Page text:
The Justice Department is swapping out the lawyers who had been representing the administration in its legal battle to put a question about citizenship on the 2020 Census, possibly signaling career attorneys’ legal or ethical concerns over the maneuvering ordered by President Trump. “If you won’t do it, we’ll find someone who will!”
The Washington Post reports, Justice Department changing lawyers on census case:
The department announced the move in a statement, which was issued after The Washington Post inquired about whether the career lawyers on the team planned to withdraw. A person familiar with the matter, who spoke on the condition of anonymity to discuss internal deliberations, said that at least some of the career attorneys harbored concerns about the administration’s handling of the case — although the nature of those concerns and how widespread they were could not immediately be learned.
“As will be reflected in filings tomorrow in the census-related cases, the Department of Justice is shifting these matters to a new team of Civil Division lawyers going forward,” Justice Department spokeswoman Kerri Kupec said. “Since these cases began, the lawyers representing the United States in these cases have given countless hours to defending the Commerce Department and have consistently demonstrated the highest professionalism, integrity and skill inside and outside the courtroom. The attorney general appreciates that service, thanks them for their work on these important matters and is confident that the new team will carry on in the same exemplary fashion as the cases progress.”
For the unfamiliar, this is a highly unusual move and should be setting off alarm bells. The judges in these cases will definitely take notice, and view it with suspicion.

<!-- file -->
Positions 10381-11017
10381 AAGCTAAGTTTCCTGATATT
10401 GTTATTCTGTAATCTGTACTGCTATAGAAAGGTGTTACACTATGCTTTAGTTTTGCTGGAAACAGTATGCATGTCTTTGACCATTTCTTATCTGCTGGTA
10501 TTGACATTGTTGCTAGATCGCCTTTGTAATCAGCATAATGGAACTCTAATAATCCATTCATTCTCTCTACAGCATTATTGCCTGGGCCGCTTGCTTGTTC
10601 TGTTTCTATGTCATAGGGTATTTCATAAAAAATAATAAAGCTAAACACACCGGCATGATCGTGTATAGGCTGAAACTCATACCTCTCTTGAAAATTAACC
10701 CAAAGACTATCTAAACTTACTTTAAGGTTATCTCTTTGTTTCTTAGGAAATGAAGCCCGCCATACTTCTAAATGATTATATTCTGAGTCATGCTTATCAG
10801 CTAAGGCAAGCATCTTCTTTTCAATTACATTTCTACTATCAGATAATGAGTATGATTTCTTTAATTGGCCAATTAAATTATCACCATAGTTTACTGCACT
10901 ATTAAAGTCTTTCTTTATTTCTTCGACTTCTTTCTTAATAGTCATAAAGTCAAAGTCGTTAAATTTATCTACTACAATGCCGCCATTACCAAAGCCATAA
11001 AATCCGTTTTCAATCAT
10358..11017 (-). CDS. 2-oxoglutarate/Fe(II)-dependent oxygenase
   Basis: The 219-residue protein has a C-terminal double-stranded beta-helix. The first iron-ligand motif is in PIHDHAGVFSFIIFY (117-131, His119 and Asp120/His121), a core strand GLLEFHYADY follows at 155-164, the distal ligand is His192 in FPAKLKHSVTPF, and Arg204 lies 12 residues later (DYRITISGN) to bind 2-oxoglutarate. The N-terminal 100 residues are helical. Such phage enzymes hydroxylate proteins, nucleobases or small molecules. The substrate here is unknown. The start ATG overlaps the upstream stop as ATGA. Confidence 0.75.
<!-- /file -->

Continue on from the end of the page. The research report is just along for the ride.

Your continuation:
The shift in lawyers will be reflected in simple withdrawal and appearance notices filed in court, a Justice Department official said. The official said the entire team on the case — both those in political positions and career employees who have served multiple administrations — will be replaced with political and career lawyers from the department’s Civil Division and Consumer Protection Branch. Several career members of the team declined to comment to The Post.
That the department also replaced those in political jobs signals there could have been other factors in the staffing shift beyond concern from career employees. At least one political official, James Burnham, had no objection to continuing on the case but supported the move to go with a new team, according to a Justice Department official, who spoke on the condition of anonymity to discuss internal matters.
The staffing change comes as the department is moving toward what some analysts say is increasingly unsteady legal ground in its bid to add the citizenship question, despite a Supreme Court decision that would seem to bar it from doing so.